GK: You've been a member of the Yunnan Foreign Business Club since its inception. What do you think about the organization?

Musa: After many years here in Kunming, I'm glad foreign entrepreneurs in Yunnan have finally joined hands to build this platform for exchange and mutual benefit. I think joining the YFBC is a great way to learn and exchange ideas about doing business here in Yunnan. We also all sometimes face similar issues, but with the YFBC, we can face them together as a group. I'll do the best I can to contribute to this great initiative and its development. Long live the YFBC!

Bottom image: Yereth Jansen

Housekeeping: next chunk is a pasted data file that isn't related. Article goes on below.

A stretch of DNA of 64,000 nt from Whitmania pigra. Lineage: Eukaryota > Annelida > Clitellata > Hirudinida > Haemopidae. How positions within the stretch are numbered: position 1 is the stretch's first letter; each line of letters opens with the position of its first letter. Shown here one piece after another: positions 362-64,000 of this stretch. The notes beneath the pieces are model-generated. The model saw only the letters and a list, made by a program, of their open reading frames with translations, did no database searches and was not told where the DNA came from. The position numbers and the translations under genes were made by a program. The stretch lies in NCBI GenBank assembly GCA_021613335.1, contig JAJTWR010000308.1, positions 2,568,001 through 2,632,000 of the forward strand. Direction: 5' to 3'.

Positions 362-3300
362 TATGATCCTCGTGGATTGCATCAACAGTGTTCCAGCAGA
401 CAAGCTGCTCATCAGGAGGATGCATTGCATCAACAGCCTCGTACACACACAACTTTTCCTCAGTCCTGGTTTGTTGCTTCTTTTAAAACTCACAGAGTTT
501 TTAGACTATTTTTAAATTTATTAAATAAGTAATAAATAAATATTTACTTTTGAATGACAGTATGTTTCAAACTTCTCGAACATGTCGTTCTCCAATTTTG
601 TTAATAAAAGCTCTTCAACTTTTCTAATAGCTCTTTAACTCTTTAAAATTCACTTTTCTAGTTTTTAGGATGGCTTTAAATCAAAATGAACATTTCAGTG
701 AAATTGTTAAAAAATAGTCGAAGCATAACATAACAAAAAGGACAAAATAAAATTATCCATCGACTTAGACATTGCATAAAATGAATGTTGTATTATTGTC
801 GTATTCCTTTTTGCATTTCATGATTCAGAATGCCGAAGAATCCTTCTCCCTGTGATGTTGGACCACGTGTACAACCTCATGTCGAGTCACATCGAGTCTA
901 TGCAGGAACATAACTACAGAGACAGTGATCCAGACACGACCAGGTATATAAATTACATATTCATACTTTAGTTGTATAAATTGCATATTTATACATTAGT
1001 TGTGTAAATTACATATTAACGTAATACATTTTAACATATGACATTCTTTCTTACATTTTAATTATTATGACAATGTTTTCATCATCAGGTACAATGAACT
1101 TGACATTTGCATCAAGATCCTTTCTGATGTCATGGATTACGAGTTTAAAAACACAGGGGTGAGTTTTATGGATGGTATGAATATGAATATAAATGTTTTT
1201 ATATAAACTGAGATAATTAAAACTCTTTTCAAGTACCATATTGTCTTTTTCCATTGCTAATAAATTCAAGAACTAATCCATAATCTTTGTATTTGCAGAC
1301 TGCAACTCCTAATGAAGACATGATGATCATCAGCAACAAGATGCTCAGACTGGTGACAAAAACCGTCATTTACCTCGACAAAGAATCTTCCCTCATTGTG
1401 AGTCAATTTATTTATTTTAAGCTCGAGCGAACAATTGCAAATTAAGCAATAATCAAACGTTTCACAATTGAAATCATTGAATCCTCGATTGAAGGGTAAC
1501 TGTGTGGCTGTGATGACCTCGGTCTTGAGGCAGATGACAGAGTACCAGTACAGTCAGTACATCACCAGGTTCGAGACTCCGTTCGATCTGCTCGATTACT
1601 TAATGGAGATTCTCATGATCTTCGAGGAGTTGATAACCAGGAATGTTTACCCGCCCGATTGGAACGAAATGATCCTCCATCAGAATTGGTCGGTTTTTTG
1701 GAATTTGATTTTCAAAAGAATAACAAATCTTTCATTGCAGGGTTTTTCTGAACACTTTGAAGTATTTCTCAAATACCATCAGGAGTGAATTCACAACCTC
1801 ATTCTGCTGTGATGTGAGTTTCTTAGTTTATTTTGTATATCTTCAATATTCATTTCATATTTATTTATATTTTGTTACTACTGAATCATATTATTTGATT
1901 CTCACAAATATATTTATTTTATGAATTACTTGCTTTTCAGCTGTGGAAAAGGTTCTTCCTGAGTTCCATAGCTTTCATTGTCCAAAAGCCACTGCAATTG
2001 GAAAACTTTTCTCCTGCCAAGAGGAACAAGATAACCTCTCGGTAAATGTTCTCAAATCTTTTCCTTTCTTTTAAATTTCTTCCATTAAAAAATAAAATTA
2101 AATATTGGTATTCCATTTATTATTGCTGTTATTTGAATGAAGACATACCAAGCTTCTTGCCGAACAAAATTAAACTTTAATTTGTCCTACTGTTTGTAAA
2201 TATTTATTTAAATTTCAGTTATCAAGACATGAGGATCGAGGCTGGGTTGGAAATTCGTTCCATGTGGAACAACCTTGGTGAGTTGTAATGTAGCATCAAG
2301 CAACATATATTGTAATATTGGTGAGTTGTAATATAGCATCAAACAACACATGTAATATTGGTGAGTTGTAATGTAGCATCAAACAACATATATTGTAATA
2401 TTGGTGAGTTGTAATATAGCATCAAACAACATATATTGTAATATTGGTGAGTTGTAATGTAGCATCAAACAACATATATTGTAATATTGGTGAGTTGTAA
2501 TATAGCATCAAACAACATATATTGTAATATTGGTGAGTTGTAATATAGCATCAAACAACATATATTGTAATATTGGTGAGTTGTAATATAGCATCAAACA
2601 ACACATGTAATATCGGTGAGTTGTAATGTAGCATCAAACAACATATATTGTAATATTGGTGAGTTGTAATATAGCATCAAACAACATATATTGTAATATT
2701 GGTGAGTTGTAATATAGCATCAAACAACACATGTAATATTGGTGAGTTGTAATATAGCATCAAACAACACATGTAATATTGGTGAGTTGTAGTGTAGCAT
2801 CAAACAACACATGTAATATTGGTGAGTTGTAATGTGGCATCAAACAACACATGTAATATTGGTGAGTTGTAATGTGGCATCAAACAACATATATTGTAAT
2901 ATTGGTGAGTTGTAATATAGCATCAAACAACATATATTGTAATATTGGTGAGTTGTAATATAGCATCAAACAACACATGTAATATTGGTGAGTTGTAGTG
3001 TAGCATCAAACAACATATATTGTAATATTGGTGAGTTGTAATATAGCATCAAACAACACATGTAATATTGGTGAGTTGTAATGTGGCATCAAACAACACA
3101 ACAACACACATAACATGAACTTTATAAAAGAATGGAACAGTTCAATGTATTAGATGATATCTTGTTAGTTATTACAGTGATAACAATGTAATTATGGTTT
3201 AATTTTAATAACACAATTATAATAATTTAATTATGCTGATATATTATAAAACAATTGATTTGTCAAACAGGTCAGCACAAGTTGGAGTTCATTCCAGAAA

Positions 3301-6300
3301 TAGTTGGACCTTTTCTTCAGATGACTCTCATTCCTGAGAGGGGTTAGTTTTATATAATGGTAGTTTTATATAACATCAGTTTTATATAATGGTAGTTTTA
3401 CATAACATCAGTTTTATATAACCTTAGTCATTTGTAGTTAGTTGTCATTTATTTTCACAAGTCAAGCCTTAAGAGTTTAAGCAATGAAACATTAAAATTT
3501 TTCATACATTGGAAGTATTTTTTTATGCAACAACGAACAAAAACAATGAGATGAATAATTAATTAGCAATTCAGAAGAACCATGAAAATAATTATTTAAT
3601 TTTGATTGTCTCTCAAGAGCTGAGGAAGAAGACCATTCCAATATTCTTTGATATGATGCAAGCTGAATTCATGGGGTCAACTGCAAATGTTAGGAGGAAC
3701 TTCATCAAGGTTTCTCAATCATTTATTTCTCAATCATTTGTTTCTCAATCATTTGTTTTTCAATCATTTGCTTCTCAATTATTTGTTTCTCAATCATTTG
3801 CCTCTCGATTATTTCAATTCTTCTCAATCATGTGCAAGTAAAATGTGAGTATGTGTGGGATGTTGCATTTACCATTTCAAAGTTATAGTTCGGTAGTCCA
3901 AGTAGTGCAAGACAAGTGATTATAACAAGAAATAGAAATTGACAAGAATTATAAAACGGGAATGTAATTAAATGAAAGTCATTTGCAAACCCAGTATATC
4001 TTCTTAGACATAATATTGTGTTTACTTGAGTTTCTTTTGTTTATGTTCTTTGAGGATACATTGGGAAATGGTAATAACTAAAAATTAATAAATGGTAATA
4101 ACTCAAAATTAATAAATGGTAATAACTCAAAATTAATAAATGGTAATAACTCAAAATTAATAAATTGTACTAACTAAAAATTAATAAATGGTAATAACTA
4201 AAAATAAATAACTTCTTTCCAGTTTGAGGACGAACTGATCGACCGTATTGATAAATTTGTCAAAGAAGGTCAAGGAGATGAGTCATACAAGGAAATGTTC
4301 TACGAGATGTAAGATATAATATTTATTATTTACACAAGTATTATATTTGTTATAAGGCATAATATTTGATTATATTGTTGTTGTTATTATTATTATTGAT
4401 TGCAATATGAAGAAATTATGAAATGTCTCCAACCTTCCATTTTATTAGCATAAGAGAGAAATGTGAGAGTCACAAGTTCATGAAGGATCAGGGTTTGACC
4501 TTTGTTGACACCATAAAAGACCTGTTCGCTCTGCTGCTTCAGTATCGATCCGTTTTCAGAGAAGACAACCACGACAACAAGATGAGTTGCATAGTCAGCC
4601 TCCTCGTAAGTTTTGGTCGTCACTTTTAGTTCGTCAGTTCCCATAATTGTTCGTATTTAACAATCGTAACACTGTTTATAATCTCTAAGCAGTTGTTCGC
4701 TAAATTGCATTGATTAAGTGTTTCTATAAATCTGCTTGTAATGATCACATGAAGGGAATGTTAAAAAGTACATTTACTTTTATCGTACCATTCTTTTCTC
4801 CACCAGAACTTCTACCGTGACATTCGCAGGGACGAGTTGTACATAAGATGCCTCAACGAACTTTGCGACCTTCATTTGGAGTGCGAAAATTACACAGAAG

All other images: Mimane Musa

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Comments

"flexibility and adaptability' is spot on and one of the reasons why this guy will succeed where previous western entrepreneurs in Kunming fail, and are failing miserably.

c'mon now, dude has a name like that and is Yunnan. some cultural literacy pleaaaazzzzz! He reminds me of my father coming to London back in the day and succeeded where many 'western' (code for white) entrepreneurs failed. My father of Hindi ancestry grew up in a latino caribbean basin. He said this made him 'flexible and adaptable' in his business dealings.

Label it cultural literacy, emotional intelligence etc. it's an attitude that important for 'westerners' wishing to set up shop in China, Dubai, Panama (wherever they are not the majority)

And not just 'westerners', 'white' or otherwise.